I was actually hired to cut a yard in a subdivision where the homeowners association pays for the lawn maintenance of the front yards. The old standers used (and operators) were doing such a bad job on the Bermuda, leaving lines in the grass at any concave or convex point This customer pays me to recut the front while I'm there doing the back yard. I noticed this year they have a new service. The lawns no longer really need my attention in front.
  4. topsites

    topsites LawnSite Fanatic
    Messages: 21,653

    While I do agree that Ztr's are a lot more like riding a horse than driving a car...
    My biggest issue has to do with cost efficiency.

    A 1,300 pound 25hp hydro-power $9,000 machine quite simply is not cost
    effective on most lots, consuming nearly 2 gallons per hour it's nothing but
    a hog that can't get out of its own way in most average sized lots, thus taking
    more time than it should, then costing an arm and a leg to operate.

    It's just overkill to use a 5-foot deck on a 10,000 square foot property too,
    I feel a little bit like driving a Nascar stock car on a dang Go-kart track,
    it's not that the car isn't fast enough, it's that I can't get it around the loop!

    Then the trailering, once that thing sits on my trailer it eats my truck's fuel,
    and I have to drive a whole lot slower because of all that weight in back.
    So it just eats me...

    I only use the Z here and there, it's nice to have as a status symbol and as a guy I have to guess women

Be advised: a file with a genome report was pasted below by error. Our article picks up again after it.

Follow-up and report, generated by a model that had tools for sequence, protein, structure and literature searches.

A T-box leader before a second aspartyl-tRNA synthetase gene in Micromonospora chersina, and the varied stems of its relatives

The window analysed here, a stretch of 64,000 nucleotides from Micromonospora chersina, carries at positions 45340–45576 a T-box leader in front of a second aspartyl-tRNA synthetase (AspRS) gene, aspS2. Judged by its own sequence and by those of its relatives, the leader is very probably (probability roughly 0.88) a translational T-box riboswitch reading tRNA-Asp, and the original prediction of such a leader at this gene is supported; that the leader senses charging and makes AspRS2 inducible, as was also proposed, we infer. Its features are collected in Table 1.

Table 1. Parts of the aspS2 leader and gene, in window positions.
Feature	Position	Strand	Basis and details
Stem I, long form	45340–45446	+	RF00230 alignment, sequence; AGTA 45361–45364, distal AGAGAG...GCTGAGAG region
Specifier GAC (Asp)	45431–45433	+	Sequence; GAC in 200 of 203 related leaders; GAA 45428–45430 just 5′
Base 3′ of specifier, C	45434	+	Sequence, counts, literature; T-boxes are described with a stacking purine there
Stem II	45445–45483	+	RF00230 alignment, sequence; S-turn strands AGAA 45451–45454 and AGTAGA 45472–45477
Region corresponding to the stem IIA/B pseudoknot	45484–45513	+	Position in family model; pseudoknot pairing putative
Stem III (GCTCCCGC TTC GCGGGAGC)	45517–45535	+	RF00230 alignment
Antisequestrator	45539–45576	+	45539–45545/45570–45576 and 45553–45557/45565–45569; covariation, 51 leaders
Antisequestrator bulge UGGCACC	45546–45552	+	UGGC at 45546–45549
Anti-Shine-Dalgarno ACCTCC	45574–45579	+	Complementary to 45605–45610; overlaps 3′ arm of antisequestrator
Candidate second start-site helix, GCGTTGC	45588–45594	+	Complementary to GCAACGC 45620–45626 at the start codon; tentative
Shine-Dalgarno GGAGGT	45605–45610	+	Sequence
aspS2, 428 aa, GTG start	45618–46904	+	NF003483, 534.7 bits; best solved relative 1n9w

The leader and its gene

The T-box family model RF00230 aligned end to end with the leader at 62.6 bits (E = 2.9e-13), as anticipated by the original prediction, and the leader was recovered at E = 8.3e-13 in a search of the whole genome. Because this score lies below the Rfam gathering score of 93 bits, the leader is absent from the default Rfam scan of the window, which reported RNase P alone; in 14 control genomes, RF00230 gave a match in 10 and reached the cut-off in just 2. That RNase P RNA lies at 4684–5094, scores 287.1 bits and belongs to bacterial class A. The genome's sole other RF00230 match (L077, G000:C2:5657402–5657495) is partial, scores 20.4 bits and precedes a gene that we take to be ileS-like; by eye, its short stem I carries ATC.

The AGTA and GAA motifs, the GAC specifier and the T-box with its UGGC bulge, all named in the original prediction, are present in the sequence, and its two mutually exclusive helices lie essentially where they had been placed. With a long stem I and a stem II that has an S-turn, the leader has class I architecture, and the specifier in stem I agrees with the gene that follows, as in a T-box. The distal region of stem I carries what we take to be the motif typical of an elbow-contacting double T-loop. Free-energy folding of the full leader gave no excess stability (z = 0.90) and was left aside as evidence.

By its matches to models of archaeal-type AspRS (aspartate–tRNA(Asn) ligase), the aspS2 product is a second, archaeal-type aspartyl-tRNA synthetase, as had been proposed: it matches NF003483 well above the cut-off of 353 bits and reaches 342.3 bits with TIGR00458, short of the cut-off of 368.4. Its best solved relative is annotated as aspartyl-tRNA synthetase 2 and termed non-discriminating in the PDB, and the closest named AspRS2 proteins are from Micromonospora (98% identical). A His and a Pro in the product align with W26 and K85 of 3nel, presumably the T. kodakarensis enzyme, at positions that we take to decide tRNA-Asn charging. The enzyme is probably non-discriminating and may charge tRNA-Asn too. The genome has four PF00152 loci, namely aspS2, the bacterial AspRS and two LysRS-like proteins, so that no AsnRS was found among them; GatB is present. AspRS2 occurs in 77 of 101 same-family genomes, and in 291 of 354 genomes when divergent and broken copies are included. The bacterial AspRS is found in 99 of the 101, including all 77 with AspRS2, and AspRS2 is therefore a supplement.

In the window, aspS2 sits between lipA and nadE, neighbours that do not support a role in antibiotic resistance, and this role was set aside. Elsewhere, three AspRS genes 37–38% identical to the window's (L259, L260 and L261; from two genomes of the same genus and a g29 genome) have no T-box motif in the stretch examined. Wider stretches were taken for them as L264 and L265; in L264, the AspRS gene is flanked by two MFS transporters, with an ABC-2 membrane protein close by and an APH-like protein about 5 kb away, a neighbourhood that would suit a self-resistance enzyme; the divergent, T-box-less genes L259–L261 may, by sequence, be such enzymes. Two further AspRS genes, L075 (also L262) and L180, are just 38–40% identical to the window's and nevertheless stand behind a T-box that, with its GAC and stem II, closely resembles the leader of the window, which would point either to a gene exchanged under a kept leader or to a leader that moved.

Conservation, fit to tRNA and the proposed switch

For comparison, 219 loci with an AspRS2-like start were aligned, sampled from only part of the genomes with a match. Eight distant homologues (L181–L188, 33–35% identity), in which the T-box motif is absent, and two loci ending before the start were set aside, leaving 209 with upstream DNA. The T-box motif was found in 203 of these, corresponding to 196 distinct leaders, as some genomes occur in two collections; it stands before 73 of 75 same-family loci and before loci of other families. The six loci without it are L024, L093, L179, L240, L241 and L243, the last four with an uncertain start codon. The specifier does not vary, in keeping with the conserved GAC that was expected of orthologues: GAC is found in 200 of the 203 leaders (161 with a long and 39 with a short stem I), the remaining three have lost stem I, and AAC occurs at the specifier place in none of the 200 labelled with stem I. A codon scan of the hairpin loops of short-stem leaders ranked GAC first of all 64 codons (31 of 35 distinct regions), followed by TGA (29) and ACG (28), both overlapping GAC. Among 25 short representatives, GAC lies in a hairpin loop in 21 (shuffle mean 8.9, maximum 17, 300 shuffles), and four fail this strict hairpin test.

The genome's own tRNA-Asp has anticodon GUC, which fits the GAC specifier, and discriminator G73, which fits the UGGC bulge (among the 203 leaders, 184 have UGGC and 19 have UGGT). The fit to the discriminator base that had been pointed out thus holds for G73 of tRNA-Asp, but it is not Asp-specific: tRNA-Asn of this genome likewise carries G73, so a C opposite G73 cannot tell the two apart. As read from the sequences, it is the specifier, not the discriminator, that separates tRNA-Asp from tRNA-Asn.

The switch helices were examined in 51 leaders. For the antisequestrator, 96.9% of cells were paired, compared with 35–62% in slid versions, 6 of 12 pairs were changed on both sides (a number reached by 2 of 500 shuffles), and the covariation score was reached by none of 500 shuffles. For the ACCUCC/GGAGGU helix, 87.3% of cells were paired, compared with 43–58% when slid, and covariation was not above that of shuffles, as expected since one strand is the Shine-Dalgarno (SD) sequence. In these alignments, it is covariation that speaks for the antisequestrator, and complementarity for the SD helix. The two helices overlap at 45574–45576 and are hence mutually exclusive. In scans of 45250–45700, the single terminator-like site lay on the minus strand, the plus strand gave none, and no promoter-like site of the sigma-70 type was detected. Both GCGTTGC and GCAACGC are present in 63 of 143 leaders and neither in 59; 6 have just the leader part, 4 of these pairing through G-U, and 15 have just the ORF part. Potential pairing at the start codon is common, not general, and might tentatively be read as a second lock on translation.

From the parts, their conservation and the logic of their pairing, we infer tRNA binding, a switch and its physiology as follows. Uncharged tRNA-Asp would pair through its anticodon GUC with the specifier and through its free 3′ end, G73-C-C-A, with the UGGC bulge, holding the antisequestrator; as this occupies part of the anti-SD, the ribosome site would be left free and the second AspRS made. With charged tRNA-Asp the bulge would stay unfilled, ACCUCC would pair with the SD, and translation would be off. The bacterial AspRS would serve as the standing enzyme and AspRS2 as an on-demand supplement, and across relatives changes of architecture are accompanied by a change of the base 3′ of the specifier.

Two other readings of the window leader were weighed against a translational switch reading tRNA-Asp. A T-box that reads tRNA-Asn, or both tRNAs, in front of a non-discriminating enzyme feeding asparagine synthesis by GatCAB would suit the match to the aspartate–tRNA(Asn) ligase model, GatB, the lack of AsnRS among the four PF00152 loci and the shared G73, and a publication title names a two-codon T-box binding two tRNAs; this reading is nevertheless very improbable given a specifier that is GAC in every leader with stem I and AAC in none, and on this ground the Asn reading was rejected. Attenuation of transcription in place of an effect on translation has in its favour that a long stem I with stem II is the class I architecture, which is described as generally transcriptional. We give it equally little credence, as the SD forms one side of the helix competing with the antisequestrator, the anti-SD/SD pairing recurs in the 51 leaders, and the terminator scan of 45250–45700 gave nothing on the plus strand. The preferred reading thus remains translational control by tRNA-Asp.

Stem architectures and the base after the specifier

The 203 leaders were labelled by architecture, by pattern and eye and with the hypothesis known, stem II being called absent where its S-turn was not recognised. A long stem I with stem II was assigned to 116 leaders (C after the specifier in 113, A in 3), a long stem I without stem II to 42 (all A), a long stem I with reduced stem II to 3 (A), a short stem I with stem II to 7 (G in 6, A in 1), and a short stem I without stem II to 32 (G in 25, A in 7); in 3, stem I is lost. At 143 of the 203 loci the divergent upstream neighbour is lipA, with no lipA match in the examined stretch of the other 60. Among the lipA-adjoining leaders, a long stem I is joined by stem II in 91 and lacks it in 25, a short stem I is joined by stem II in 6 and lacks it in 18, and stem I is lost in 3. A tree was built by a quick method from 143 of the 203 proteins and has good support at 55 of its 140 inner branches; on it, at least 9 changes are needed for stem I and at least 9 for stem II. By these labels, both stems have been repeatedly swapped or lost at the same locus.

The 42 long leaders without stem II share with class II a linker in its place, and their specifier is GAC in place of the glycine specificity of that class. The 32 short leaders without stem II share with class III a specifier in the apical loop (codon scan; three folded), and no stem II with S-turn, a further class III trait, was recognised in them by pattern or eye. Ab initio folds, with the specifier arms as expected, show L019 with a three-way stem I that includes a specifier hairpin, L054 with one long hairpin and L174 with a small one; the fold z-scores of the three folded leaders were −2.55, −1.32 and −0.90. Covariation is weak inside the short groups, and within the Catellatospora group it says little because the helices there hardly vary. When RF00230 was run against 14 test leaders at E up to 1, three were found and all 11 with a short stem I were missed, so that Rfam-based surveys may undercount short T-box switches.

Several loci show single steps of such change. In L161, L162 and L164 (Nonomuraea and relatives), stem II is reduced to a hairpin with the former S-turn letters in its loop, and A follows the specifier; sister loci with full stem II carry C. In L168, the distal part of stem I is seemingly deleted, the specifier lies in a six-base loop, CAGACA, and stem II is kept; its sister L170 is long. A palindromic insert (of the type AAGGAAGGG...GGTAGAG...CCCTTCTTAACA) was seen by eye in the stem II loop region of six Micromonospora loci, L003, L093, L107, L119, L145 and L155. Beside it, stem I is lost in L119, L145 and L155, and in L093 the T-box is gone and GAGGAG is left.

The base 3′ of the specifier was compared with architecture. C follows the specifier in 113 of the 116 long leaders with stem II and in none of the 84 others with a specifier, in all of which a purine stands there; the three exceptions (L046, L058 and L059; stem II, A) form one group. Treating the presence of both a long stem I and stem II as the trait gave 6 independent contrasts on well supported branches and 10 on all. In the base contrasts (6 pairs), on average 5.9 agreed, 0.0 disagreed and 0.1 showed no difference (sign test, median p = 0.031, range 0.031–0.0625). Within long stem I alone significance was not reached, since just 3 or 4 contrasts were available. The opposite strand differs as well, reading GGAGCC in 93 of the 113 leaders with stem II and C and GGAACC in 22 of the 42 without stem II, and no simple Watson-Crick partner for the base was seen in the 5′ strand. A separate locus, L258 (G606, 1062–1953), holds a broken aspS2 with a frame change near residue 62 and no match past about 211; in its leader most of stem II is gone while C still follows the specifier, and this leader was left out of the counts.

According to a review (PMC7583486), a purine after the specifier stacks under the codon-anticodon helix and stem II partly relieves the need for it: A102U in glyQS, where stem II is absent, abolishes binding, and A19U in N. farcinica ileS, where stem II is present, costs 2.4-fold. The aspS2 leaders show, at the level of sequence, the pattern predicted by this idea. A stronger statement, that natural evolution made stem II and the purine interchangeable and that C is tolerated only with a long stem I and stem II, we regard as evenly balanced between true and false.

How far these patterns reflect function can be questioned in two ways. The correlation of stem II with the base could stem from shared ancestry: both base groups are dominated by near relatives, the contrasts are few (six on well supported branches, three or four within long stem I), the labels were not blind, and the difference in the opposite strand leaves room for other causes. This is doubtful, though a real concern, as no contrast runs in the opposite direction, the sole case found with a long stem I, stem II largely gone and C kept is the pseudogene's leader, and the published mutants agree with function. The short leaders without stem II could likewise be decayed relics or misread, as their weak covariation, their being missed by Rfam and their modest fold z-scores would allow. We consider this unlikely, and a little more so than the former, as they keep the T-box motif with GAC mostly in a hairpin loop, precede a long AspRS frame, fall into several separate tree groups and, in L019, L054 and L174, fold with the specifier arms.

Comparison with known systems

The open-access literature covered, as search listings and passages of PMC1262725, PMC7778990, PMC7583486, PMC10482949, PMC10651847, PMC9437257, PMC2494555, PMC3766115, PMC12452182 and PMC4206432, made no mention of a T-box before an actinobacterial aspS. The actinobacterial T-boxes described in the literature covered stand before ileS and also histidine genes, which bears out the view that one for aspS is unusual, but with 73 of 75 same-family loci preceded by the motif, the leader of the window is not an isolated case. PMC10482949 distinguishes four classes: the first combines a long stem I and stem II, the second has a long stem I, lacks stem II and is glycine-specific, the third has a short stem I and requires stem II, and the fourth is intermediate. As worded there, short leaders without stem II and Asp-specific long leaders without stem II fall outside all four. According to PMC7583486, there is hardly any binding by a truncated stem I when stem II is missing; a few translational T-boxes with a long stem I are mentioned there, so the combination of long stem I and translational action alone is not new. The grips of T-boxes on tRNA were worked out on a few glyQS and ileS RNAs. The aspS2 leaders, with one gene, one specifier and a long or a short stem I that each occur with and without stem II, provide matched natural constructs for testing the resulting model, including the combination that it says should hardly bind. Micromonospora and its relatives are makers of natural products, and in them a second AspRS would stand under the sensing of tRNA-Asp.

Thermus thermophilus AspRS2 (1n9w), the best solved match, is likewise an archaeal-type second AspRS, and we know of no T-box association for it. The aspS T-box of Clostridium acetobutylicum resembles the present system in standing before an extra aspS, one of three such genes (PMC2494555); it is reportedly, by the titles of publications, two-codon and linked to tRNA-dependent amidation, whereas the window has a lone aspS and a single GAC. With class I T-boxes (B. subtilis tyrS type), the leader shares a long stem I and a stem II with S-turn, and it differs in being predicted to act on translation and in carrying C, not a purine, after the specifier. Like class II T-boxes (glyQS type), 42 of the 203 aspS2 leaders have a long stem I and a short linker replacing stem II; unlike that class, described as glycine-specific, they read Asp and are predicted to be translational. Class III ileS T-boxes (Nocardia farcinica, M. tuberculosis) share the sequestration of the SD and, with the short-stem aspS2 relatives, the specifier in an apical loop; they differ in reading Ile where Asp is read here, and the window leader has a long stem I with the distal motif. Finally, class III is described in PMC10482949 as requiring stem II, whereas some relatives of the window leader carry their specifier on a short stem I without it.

don't believe that having a Z really means that I am a man, and so I've put 125 hours on it in two years.
    Last edited: Oct 9, 2008
  5. topsites

    topsites LawnSite Fanatic
    Messages: 21,653


    So while the Wright may be a better mower in certain terrains,
    I already have enough of a problem loading two mowers on my trailer,
    I have little appreciation for weighted down trailers sucking up truck fuel one,
    but playing musical equipment with my stuff is not something I enjoy either.

    Another problem nobody ever seems to address is getting stuck.
    Yes, that's right, sure enough it rained and the yard is wet and someone
    wasn't paying attention and now the mower is stuck axle deep in the ditch.

    Oh it's just not a common problem, sure, I hear you, but it happens to me at least once a year.

    Got a Ztr stuck?
    Forget it dude, go unhook the trailer, back up the truck, get the tow rope out, and so on...
    Average time: 30 minutes to two hours, almost always long enough to totally interfere with a schedule.

    How about the Wright stander, I don't see it being much lighter, hence I
    don't foresee this thing being any easier once it's rutted deep in there.

    That's just how it goes, you ain't never experienced stuck until you've been there, but once that POS is stuck you will know this BS lol
    Now my main mower, no problem, I usually can push it out, it's that light.

    Meanwhile, as was mentioned, scalping.
    If I can't lift the deck there's no use, doesn't matter if it's floating, if anything
    float decks just add more weight once again compounding the earlier problem.

    But the manufacturers all know the answer, stick a bigger engine on it, there, 200 hp V-8,
    say did it ever dawn on anyone that efficiency doesn't come with big and heavy...